By Mark Carrigan
In 1986, DC Comics published a four issue mini-series called Batman: The Dark Knight Returns. While few would have predicted it prior to its publication, this work of Frank Miller was soon regarded as one of the touchstones for the medium and, through commercial success and critical controversy, almost single-handedly reinvigorated a moribund character. Time magazine suggested the portrayal of a ‘semiretired Batman [who] drinks too much and is unsure about his crime-fighting abilities’ was an example of trying to appeal to ‘today’s sceptical readers’.
Regardless of the criticism which the series received in some quarters, it undoubtedly did appeal to readers and the manner in which its ‘dark’ and ‘adult’ approach were progressively taken up by other comics points to the ‘scepticism’ of those readers being a widespread condition rather than the aberrant property of a cynical minority. The same dark approach lay behind the critical and commercial success which Christopher Nolan’s The Dark Knight enjoyed at the box office in the summer of 2008. Why is this kind of approach so popular? What explains its manifest resonance amongst vast swathes of the cinema-going and comic-buying public?
Perhaps the answers lies towards the end of the film when Batman and Jim Gordon attempt to make sense of Harvey Dent’s actions, as the brave and virtuous district attorney was driven to attempted murder by the cruel machinations of the joker. The public regards Bent as a hero, but the public face of heroism becomes a fiction, crafted by powerful men in midnight schemes, because the masses could not countenance that the grim truth and social order necessitates the illusion. The heroism of Harvey Bent becomes a cruel joke, which Batman, alter ego of the billionaire Bruce Wayne, attempts to hide in the best interests of the public. If it was not for his own personal biography, as a man forever damaged by the murder of his parents as a child, he might have channelled this patrician impulse into philanthropy. As it is stands, he rushes off into the night, chased by police and dogs, taking the blame for the crimes that Bent committed. His parting words sum up the ethos of the exchange: ‘You either die a hero or live long enough to see yourself become the villain’. This is the bitter truth which the public must be protected from at all costs. The closest thing to heroism which The Dark Knight portrays is the attempted deception of the public towards this end.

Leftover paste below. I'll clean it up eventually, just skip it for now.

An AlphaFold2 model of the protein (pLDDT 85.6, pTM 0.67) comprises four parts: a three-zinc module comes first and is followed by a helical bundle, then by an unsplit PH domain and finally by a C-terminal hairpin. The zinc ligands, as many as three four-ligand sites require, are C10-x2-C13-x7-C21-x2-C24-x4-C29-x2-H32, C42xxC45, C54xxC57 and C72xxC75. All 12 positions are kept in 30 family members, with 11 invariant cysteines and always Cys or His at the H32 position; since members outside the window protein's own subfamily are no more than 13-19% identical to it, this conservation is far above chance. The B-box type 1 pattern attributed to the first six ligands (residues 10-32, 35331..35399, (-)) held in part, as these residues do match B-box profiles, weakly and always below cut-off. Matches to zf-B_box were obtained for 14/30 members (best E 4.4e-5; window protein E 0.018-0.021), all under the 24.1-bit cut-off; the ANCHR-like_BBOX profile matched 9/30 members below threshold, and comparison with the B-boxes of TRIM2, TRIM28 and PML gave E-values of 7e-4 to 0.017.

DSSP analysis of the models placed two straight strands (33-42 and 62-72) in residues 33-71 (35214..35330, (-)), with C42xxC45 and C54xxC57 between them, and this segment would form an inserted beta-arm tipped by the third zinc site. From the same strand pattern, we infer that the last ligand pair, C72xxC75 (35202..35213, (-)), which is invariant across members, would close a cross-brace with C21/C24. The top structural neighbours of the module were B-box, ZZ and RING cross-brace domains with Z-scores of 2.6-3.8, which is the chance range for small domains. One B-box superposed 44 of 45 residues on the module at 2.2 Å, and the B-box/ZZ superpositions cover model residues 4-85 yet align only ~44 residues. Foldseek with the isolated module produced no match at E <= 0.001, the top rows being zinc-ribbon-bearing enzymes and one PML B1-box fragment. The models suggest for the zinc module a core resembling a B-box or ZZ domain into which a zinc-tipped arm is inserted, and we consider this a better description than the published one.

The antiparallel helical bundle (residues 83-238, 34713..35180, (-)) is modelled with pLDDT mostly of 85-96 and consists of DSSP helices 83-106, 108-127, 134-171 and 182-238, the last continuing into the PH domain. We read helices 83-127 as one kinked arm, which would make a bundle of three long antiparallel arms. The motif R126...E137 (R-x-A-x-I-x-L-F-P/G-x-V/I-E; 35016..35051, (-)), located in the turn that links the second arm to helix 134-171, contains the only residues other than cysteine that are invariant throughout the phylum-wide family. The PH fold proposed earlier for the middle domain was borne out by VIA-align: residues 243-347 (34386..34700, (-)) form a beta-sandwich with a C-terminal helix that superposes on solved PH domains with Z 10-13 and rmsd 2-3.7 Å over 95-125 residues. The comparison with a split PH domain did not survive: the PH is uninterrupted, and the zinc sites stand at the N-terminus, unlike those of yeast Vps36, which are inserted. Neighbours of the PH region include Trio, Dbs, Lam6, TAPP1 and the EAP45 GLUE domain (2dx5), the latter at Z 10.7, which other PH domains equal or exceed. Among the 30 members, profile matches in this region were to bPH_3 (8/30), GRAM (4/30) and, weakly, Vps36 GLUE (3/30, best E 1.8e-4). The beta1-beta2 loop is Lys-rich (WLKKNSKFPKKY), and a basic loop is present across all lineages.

Compare this critically-lauded portrayal of heroism within that of another popular film series. While The Dark Knight was an enormous critical success, the Rocky films were, with the partial exceptions of the first and the sixth, critically panned. Yet both, in a sense, portray heroism. Once you look beyond the crass jingoism that frames large aspects of the Rocky series, a rather earnest narrative about heroism and virtue soon comes into focus. Each of the films follows the same format, as constancy and courage enable Rocky Balboa to triumph over adversity. The virtues the films portray have a long moral history in western culture and yet for most of us, the narrative that portrays them is one we struggle to take seriously. While the moralisation of professional boxing probably takes some blame for this, it is by no means the whole story.
What we can take seriously however is The Wire, and, its gritty social realism notwithstanding, it comes equally equipped with its heroes. Foremost among these is stick up boy Omar Little. He prowls Baltimore in his trench coat, with his shotgun slung at his side, robbing drug dealers. With his facial scar, ethical code, and fearsome reputation, he becomes a mythic figure known throughout Baltimore. He crafts a mythology from the ruins of deindustrialised desolation and he sustains a heroic existence one day a time. Yet he cannot, ultimately, escape from his surroundings, and he dies ingloriously on the floor of a convenience store after being shot to death by a child.